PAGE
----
DONs take care of business
Directors of nursing are gaining more authority in long-term care facility management, but with that enhanced stature also has come a heavier workload.
Advocates say they are confident, however, that DONs can shoulder the weight if the proper supports are put in place.
In many facilities, DONs are getting leadership roles traditionally handled by administrators, such as budget management, human resources, medical records management and matching staffing patterns with resident acuity levels.
"DONs are not just clinical specialists anymore, they are business specialists as well," said Betty MacLaughlin Frandsen, president of the National Association Directors of Nursing Administration in Long-Term Care.
Bottom line implications can be huge. Nurse managers and the long-term care industry are evolving together, as medical technology, clinical protocols and information systems continue to advance, and facilities become more like communal residences than institutions. DONs are at the heart of these developments so they are handling more responsibilities.
"The job has gotten more complex and overloaded as a result," Frandsen observed. "Responsibilities are being added and none are taken away."
Even so, DONs still have some rungs to climb up the corporate ladder before they are seen as peers by senior executives, says Linda Hollinger-Smith, director of research for Mather LifeWays Institute on Aging in Evanston, IL.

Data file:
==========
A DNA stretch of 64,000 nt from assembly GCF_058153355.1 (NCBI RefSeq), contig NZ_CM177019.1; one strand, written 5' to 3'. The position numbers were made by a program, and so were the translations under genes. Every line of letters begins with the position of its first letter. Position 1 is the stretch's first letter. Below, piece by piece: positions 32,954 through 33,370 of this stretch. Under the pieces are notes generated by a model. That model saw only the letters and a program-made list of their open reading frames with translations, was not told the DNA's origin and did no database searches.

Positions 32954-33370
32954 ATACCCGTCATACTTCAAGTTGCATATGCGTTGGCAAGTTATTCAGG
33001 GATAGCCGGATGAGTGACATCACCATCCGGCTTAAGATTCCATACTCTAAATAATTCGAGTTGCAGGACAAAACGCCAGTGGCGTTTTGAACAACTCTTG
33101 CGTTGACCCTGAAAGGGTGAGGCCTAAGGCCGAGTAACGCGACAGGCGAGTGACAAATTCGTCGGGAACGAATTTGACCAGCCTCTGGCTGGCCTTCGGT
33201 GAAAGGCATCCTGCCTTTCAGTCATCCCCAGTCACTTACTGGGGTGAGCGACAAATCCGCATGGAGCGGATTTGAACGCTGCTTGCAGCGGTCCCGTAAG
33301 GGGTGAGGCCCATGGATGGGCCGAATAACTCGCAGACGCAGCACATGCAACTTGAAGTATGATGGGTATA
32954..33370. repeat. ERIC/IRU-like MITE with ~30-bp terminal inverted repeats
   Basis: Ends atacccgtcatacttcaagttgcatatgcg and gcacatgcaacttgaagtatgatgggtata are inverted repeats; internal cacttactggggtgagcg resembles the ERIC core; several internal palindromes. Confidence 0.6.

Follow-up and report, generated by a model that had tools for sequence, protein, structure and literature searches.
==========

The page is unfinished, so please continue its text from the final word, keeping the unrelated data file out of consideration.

"The complexity of the role is growing and DONs are gaining more respect, but there is still a long way to go in terms of administrators seeing them as equals," she said. "They still need more education and skill sets."
High DON turnover – long an industry scourge and an impediment to progress – could finally recede if a sound educational infrastructure were put in place to adequately prepare candidates for the multidimensional demands of the job. That's the opinion of V. Tellis-Nayak, Ph.D., vice president of research for Wausau, WI-based consulting firm My InnerView.
"One reason for the high turnover of DONs is that many assume the position without any training," he said. "There is no national requirement for the training of DONs. Anyone can be appointed to be one without so much asan examination."
Tellis-Nayak, who has conducted extensive studies on long-term care management turnover, confirms there is a strong correlation between management stability and quality of care. For his research, he collated facilities into three categories – those that had not lost a DON in two years, those that lost one during a two-year span, and those that lost two or more in two years.
"Those that had no DON turnover in two years were better off on every quality measure," he said. "That is a very telling statistic – it shows that DONs are extremely critical to the well-being of the nursing home."
Moreover, the longer the DON stayed with a facility, the better it performed, Tellis-Nayak added.
"The nursing homes where DONs were better educated, motivated, trained and treated, the correlation with quality is even stronger," he said. "And even at those facilities that performed excellently, the quality declined almost immediately after the DON left."
Building a solid DON educational track starts in nursing schools, many of which sorely need to modify their curriculum, said Rikki Brady, director of health services at Clark Lindsey Village in Urbana, IL.
"Nursing schools need to include more courses that address leadership, b